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Tag: Al Robles

‘Poverty Scholarship’: Poor people create their own theory, textbook and solutions...

Poor, homeless and disabled scholars are releasing a book sharing their truly innovative solutions to homelessness and poverty and launch a national theatre production on poverty, homelessness and criminalization of poor people. This book and curriculum release will be accompanied by a series of theatre and poetry workshops in community centers, schools and jails with other homeless and formerly homeless communities.

The People’s Press

One of the most interesting publishing ventures in the San Francisco Bay Area is the POOR Press project. This revolutionary bi-lingual enterprise grew out of POOR magazine, a journal of poetry, polemics and righteous articles created by the inimitable Tiny, aka Lisa Gray-Garcia, the indomitable force and magnet of affirmationof the people on the street, the economically poorest section of this society and her late mama who is alwaysstill close to Tiny’s heart and always evoked by her in a continuous solidarity.

‘In My Country’ is in his heart

“In My Country” is a country that knows no borders; it’s a country of the heart,” Tony Robles said about his inspiration for the beautiful short story published in Mythium magazine and nominated by Mythium editor Crystal Wilkinson for the literary honor, the Pushcart Prize.

A poor people-led revolution: The POOR Magazine story

“POOR’s rule from the beginning was to break down the myth of objectivity and the implicit ‘other’ stance of journalism. We accomplished this through the integration of self, the use of ‘I’ in every story,” explains Tiny – Lisa Gray-Garcia. POOR needs your help right now. Become a Revolutionary Donor today!

Another world defined by community not corporations

A small group of poverty and indigenous scholars from POOR Magazine, bleeding internally from our own wounds of eviction, landlessness, budget genocide, racism, po'lice brutality, incarceration and violence, arrived in Detroit on a hot Saturday in June to attend the U.S. Social Forum. Leaving, again we passed the empty homes, silent neighborhoods and shuttered businesses and yet this time I saw something else: real change and land reclamation not rooted in capitalist ownership.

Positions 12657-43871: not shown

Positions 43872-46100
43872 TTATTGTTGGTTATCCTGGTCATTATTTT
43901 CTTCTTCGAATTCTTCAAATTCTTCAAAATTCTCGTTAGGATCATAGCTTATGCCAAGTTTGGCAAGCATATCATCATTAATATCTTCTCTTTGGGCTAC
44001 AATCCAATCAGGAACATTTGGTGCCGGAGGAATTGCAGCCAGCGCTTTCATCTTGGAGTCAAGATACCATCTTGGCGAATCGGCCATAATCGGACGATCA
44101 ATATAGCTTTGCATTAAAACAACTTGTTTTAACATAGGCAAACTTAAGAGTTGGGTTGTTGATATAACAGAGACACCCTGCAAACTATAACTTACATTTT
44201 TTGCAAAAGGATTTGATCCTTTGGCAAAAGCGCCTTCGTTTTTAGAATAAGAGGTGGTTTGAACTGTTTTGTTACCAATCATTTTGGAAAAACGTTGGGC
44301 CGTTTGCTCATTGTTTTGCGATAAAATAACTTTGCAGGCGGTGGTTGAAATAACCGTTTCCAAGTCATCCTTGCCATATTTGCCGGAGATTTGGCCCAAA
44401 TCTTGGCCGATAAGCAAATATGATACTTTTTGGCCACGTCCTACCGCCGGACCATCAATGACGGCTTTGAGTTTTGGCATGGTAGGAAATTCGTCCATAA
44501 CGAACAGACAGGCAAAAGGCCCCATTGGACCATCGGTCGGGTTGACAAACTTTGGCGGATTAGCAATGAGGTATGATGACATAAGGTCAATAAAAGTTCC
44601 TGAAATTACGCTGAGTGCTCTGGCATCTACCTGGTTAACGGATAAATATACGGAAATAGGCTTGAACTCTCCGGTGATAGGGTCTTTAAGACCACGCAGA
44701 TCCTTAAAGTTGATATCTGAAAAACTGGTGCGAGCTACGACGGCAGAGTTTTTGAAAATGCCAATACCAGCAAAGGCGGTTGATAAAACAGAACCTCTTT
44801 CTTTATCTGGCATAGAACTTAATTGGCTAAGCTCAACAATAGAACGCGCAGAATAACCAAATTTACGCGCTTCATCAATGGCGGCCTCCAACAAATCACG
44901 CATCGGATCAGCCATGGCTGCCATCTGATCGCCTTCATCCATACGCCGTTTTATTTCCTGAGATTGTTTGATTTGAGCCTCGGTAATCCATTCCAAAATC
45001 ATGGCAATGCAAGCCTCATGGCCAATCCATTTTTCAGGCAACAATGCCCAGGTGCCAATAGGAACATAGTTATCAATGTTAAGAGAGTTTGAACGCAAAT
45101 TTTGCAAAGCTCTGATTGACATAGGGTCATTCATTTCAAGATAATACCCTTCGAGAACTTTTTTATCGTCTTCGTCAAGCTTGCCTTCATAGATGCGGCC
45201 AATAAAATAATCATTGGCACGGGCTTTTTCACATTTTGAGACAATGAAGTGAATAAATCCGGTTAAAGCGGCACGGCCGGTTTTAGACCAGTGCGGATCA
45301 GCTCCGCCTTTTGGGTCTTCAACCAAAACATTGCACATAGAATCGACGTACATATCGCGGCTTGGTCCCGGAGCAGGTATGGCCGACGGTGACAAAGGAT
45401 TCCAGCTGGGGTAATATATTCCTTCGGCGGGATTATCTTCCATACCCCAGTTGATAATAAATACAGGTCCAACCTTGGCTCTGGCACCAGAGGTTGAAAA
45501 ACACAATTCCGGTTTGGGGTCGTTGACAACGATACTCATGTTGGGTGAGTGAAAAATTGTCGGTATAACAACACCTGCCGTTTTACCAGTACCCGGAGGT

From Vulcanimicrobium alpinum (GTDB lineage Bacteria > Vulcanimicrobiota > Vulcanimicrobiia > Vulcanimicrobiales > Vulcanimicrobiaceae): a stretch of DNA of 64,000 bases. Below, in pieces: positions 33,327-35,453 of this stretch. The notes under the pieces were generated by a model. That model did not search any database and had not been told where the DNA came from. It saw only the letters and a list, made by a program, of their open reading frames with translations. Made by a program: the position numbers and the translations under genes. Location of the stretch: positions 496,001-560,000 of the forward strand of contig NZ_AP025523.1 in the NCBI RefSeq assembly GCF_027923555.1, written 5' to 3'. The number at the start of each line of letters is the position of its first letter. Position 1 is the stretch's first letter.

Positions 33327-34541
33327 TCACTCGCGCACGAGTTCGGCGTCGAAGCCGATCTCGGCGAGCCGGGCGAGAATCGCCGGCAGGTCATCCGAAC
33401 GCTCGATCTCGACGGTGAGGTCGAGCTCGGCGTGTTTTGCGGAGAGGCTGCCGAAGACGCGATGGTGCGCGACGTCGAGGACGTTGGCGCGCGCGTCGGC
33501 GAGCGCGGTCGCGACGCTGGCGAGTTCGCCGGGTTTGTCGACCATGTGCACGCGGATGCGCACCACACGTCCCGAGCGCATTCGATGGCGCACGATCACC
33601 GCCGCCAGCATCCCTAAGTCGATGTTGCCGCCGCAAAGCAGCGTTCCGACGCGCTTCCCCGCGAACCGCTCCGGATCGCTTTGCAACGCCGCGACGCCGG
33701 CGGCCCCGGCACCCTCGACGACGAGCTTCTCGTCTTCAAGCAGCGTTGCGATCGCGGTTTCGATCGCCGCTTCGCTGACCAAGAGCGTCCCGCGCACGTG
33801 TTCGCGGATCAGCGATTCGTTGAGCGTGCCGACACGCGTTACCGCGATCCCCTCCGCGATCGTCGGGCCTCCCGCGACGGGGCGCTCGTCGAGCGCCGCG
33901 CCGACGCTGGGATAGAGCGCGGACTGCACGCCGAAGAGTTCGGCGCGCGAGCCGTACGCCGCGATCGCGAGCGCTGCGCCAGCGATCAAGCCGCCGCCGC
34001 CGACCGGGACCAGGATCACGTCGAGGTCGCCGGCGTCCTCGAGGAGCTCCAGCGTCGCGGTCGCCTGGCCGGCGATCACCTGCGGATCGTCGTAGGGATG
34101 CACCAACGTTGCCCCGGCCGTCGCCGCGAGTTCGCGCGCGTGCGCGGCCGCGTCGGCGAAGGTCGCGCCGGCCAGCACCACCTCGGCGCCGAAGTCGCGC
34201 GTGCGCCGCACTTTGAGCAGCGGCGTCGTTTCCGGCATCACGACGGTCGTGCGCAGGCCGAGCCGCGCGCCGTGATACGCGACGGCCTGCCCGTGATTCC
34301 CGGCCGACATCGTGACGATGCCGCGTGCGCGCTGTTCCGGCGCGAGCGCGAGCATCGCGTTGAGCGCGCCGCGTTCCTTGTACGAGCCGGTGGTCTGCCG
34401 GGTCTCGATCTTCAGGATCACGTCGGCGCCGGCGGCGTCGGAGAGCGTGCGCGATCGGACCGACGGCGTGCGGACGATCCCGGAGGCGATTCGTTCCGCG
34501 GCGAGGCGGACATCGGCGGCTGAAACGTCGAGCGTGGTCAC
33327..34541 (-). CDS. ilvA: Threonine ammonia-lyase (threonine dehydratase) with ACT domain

A journey to publishing access: POOR Press books for 2009

POOR Press will be releasing its new books and introducing their authors at a benefit – “Talk-Story Circle on Land, Migration, Occupation and Resistance” – at Galleria de la Raza, 2857 24th St. at Bryant in San Francisco, this Wednesday, Nov. 11, at 6 p.m. Enjoy good food, DJ, performance and scholarship for $5-$15 or whatever you can spare.

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We need political courage on homelessness and recidivism

With the Democratic primary right around the corner, we mustn’t neglect the difficult topics of the rising rates of adult and youth homelessness and the persistent obstacles faced by individuals transitioning back into society after periods of incarceration.

A tribute to San Francisco’s first Black surgeon, Dr. Oscar Jackson

The most amazing person I ever met was Dr. Oscar Jackson, an eminent Black San Francisco surgeon, businessman, military officer, world traveler, explorer, philanthropist, fraternity brother, husband, father and remarkable storyteller.

The struggle to build housing when you are homeless

POOR and Homefulness have launched an effort to work with conscious legislators to exempt poor and homeless people from exorbitant building permit fees and requirements which make it impossible for homeless and poor people to manifest our own solutions and stay in our neighborhoods and communities.

The shocking death of Rwandan gospel singer and dissident Kizito Mihigo

“Kizito Mihigo had been persecuted for advocating compassion for all the victims of the genocide, Hutu, Tutsi and Twa, refusing to blame all Hutu people for the Rwandan Genocide. Kagame has become fiercely vengeful with dissident Tutsis because they are breaking up his constituency.” – Professor Joseph Bukeye

Bloomberg’s bigoted remarks: Black voters will decide 3/3 whether his apologies...

“We put all the cops in minority neighborhoods,” said Michael Bloomberg. “Why do we do it? Because that’s where all the crime is. … The way you get the guns out of the kids’ hands is to throw them against the wall and frisk them.”